Steve Elkington made the cut on the number and wound up in a four-way playoff, helped in part by playing Saturday morning in pleasant conditions. Justin Leonard went from a tie for 50th to a tie for third by playing before the 30 mph gusts and bone-chilling rain arrived. Tiger Woods? He wasn't so fortunate. Going for the third leg of the Grand Slam that year, he had a career-high 81.
"I was on the first tee when that stormed rolled in, Tiger Woods a group or two behind me," Clarke said. "That was a tough one."
The forecast for the week? Seems like it changes every day.
Woods put great detail into his practice round Sunday, his first time at Lytham in 11 years, fearful that the rest of the practice rounds would be washed out and that would be his best chances. He wound up playing the next two mornings, and the umbrella never came out of the bag.
Lee Westwood felt like a genius Monday afternoon when he and Luke Donald decided to go out for a practice round in the rain. Well before they finished, the sun was out, the breeze was gentle, and it was ideal.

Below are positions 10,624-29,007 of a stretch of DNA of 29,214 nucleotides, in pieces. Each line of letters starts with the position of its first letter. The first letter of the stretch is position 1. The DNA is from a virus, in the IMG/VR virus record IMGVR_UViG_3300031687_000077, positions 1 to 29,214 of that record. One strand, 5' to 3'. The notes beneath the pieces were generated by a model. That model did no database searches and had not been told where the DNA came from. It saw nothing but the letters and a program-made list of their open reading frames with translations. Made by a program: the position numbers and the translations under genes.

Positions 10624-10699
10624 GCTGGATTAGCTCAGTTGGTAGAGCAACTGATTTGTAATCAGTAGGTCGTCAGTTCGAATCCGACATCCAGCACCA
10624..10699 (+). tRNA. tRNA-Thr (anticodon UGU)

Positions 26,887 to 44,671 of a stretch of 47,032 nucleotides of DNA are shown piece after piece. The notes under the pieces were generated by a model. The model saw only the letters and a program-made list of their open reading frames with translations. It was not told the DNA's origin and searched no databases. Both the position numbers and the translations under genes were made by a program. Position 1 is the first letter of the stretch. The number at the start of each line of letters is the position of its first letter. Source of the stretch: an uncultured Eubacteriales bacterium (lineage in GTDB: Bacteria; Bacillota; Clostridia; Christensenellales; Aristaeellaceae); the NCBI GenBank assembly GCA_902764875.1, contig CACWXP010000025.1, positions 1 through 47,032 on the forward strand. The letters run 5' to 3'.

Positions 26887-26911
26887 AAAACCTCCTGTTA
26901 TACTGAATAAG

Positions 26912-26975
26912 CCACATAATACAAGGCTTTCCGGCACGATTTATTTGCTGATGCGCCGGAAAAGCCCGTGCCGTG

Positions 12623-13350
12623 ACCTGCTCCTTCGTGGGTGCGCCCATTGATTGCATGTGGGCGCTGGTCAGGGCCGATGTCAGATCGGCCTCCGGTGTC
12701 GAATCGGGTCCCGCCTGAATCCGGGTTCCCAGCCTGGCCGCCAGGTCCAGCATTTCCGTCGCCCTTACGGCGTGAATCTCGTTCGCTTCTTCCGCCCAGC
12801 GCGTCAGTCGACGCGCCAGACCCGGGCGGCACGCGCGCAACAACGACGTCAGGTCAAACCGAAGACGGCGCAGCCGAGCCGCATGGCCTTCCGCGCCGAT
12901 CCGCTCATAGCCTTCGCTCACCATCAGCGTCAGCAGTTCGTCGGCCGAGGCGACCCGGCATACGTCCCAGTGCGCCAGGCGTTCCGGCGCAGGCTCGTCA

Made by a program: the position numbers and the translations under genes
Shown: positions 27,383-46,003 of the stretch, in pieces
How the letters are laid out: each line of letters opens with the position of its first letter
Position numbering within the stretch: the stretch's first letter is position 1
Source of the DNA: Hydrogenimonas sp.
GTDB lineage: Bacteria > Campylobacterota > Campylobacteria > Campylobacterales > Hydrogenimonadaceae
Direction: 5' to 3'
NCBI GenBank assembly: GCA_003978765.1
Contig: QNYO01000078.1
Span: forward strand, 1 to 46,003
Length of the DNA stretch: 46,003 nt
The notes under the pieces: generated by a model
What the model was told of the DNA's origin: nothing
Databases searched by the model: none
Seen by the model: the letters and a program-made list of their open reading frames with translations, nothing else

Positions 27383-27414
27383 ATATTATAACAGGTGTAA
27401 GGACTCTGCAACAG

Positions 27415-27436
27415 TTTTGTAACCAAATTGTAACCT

"It was one of the best Open Championship practices I ever had," Westwood said.
The latest forecast -- hold your umbrellas -- is for rain on Wednesday, ending sometime Thursday morning, followed by something called a "dry spell" that could last into the weekend, accompanied by gusts anywhere from 15 mph to 25 mph, more or less.
Rory McIlroy was the heir apparent in golf last year at Royal St. George's, lost his way in the wind and rain and then stunned British writers, who found out that the kid from Northern Ireland prefers sunny and calm weather. He did join the PGA Tour this year and lives part of the year in Florida.
He also learned from his mistakes, which in this case was his attitude.
"Those comments were just pure frustration, having really high expectations going into it, coming off a major win, really wanting to play well, get into contention and not doing that," McIlroy said. "And blaming the weather, blaming the draw, blaming my luck, basically."